The short-range missile launch is the second this week and further strains U.S.-led efforts to denuclearize the Korean Peninsula.
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NORTH KOREA ON THURSDAY launched two short-range missiles, marking the second weapons test in less than a week and further straining U.S.-led efforts toward denuclearizing the Korean Peninsula.
The South Korean joint chiefs of staff announced the launch in a statement, saying the missiles were fired from the northwest city of Kusong and traveled roughly 260 miles to the east. American negotiators are currently in South Korea for discussions on how to break the impasse following two high-level summits between President Donald Trump and North Korean leader Kim Jong Un that failed to secure any lasting changes.
The launch comes less than a week after North Korea fired several short-range missiles on Saturday, the first such weapons test since November 2017. Trump has previously cited North Korea’s lull in missile and nuclear tests as evidence that his outreach to the Hermit Kingdom was proving successful.
North Korea’s Ministry of Foreign Affairs on Thursday defended Saturday’s launch as a “routine and self-defensive military drill.” A spokesman said the test was “nothing more than part of the regular military training, and it has neither targeted anyone nor led to an aggravation of [the] situation in the region.” In a separate statement, North Korean state media reported that the missiles did not threaten the U.S., South Korea or Japan and dropped into North Korean-controlled waters.
Analysts say the missile trajectory and the distance it traveled were not indicative of ballistic weapons.
The North Korean statement condemned the continuation of joint U.S.-South Korean military exercises in the region, which Kim has repeatedly condemned as provocative “war games.”
Neither the White House nor Trump immediately commented on the launch on Thursday. The president tweeted shortly after the Saturday launch that he believes Kim “realizes the great economic potential of North Korea and will do nothing to interfere or end it,” adding “he also knows that I am with him and does not want to break his promise to me.”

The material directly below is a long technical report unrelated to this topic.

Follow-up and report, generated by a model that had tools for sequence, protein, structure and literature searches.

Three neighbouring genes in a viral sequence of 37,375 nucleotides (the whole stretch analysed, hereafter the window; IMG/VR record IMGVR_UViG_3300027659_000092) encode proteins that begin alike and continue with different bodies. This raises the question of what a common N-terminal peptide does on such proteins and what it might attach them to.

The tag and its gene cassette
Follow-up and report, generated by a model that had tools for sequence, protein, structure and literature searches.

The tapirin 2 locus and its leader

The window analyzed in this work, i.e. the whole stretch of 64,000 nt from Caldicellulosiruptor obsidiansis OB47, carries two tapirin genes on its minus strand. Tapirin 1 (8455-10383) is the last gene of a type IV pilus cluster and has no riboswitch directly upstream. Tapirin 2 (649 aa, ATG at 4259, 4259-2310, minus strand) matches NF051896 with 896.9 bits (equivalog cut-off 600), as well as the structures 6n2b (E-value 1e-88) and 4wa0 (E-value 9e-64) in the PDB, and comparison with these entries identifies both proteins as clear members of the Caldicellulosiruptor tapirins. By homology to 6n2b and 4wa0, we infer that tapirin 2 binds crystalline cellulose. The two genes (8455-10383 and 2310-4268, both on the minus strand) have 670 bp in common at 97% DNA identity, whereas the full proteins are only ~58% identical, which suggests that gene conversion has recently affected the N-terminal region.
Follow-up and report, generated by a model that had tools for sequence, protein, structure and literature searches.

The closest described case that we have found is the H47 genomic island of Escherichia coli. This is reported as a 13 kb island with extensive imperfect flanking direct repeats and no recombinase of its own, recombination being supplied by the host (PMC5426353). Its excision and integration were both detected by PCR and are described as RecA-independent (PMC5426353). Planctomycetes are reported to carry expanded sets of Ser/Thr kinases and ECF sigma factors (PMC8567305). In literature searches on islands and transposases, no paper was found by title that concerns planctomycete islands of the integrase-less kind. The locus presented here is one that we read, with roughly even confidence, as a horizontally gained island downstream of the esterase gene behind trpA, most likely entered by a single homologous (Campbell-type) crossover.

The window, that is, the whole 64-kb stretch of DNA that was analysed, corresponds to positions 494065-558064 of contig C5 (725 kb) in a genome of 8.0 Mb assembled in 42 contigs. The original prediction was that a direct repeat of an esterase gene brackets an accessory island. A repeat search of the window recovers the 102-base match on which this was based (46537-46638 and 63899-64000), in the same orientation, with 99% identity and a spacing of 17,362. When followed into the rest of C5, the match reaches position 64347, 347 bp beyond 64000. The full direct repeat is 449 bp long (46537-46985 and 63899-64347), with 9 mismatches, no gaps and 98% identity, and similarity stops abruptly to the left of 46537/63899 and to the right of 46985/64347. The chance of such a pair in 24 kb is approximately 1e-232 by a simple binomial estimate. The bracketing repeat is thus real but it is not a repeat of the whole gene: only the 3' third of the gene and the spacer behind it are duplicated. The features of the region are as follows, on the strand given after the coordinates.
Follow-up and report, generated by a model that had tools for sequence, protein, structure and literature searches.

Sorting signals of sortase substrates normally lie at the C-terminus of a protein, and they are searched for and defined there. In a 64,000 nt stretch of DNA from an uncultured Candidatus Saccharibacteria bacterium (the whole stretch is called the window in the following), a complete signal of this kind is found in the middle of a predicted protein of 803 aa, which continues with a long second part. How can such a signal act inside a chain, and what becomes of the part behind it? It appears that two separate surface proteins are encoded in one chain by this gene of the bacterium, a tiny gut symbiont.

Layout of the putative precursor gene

The launch likely challenges the patience of Washington and Seoul at a contentious time as the two powers struggle to determine how to proceed in denuclearization talks while North Korea seeks to increase its leverage.
Kim traveled to eastern Russia last month to meet with Russian President Vladimir Putin to discuss how the two countries could cooperate, representing their first face-to-face meeting and a North Korean leader’s first trip to the country in almost a decade.
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Earlier this week the Pentagon announced it had ceased efforts to recover the remains of American war dead, citing an inability to contact their North Korean counterparts. That arrangement had been one of the most highly touted results of Trump’s meetings with Kim.
In a phone call on Tuesday following Saturday’s launch, Trump reportedly encouraged South Korean President Moon Jae-in to continue providing food aid to the North – a crisis both South Korea and the United States say Pyongyang has manufactured – saying it is “timely and will be a positive move,” according to South Korea’s Chosun Ilbo newspaper. The White House readout of that call did not include the detail. As of Thursday morning, those shipments were still set to proceed.
The recent launches come at a particularly awkward time for Moon, who has made peace on the peninsula a cornerstone of his administration. On Tuesday, he touted his administration’s achievements in an op-ed published in the German newspaper Frankfurter Allgemeine Zeitung, writing that “the sounds of gunfire have disappeared in the air, on the sea and on the ground around the Korean Peninsula.”
And just hours before his defense ministry confirmed Thursday’s missile attack, Moon’s official Twitter account posted a picture of his meeting with Kim as the two officials smiled, with the quotation, “peace has become a part of everyday life.”